Goodbye Surfer Girl

What is surprising is that women’s’ shopping style changes online. According to Underhill, “ men and women switch sides when shopping on the Web: Men spend lots of time surfing from site to site while women go directly to their destination, click only enough to buy what they want then log off.” Its pretty much the same act as the remote control. He flips. She sticks. The reason, he opines, is that “women turn technology into appliances. Women see its purpose—its reason, what it can do” as the primary value. They care much less about the intrinsic qualities of the technology.

Data from confirms that women are “seekers” rather than surfers exhibiting the traditional male surgical shopping approach. Women make half as many purchases as men and spend only one-third as much time doing it. Women tend to visit fewer sites for shorter periods of time. However they tend to have longer online sessions than men and seem to be more loyal to the sites they elect to visit or buy from.

Addressing the needs of female online shoppers requires close attention to the following tactics:

KISS. Keep it simple. Manage the K size of images. Avoid downloads or plug-ins if you can. Don’t get carried way with Frames, Flash or other tools. Focus on getting her there quickly and establishing your positioning. She wants to get in and get out efficiently. Facilitate that for her.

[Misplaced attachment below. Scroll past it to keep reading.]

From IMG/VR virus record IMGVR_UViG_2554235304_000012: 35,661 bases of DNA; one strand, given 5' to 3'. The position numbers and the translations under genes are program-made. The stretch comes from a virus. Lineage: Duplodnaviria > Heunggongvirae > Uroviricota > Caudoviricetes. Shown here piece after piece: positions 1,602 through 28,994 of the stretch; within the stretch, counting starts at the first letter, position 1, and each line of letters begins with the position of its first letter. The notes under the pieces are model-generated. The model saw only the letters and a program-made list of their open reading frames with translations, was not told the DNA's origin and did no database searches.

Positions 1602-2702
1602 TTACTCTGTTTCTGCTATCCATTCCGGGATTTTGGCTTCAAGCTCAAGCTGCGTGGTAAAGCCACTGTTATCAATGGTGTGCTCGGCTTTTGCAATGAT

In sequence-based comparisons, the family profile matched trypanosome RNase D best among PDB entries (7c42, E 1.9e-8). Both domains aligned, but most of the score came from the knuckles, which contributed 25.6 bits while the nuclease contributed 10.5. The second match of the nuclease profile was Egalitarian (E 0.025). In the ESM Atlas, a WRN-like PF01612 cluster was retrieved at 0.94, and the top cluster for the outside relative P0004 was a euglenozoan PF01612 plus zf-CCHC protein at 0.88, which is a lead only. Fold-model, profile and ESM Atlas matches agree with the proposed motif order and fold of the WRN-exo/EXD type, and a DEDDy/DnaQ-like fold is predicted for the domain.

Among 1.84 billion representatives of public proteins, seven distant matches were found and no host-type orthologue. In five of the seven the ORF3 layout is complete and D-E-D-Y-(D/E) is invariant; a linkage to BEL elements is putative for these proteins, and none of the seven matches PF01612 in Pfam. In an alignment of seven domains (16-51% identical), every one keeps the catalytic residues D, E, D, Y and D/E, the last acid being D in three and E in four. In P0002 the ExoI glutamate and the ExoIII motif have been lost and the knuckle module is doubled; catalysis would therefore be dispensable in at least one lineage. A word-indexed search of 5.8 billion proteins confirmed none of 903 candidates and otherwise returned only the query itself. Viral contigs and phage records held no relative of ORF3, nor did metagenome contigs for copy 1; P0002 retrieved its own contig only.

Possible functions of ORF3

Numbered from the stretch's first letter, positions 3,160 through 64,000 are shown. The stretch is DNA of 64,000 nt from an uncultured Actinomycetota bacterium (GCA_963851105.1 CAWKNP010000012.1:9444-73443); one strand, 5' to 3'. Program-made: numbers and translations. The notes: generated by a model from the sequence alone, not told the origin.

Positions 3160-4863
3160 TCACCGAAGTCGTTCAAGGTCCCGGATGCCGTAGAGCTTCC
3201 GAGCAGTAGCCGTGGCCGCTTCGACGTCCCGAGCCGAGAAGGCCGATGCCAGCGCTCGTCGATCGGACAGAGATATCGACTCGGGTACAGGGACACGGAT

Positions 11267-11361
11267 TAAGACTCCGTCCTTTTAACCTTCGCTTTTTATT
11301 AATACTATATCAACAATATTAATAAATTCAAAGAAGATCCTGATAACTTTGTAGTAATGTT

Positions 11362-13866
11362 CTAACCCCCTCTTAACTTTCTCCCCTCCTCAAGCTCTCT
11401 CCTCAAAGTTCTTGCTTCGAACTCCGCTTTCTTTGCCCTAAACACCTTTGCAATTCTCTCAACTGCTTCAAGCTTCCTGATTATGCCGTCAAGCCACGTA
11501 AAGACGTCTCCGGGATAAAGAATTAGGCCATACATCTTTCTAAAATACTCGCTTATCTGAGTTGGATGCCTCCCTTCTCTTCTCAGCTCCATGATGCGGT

Show Her the Beef. Your female visitor is there to shop. For her, this is serious business. She wants to see what you have and what it costs. Streamline editorial. Make photos and images big. Use zoom technology to show off details. Make type big enough to be seen without her glasses and in colors or fonts that will get instant recognition and understanding. Arrange merchandise sequences logically and use adjacencies for cross-selling or up-selling.

Aim For One-Click Navigation. Try to put your goods or services within one click of purchase. Work towards an intuitive site navigation. Make it easy for her to ask questions and contact customer service. Put your returns policy in a prominent place. Use “breadcrumbs” so she can retrace her steps easily.

Recognize Her. The more personal you can be, using opt-in techniques, the better her experience. Don’t bury your privacy policy. If you can dynamically serve her pages based on her shopping patterns, so much the better. Remember that the volume of merchandise sold is directly correlated to the time spent on your site. Using personalization techniques or offering live-chat assistance will increase the length of her session and the value of her shopping cart.

Plan for Group Activity. If you’ve ever been in a store, you know that two women shopping together can become a buying machine in record time. Offer your female shoppers opportunities to share the shopping experience. Chat rooms, the ability to e-mail products to friends, a wish list or gift registry, a personal shopper, group shopping or group discounts, the use of Instant Messenger to facilitate virtual shopping trips among girlfriends will pay off in increased sales and loyalty.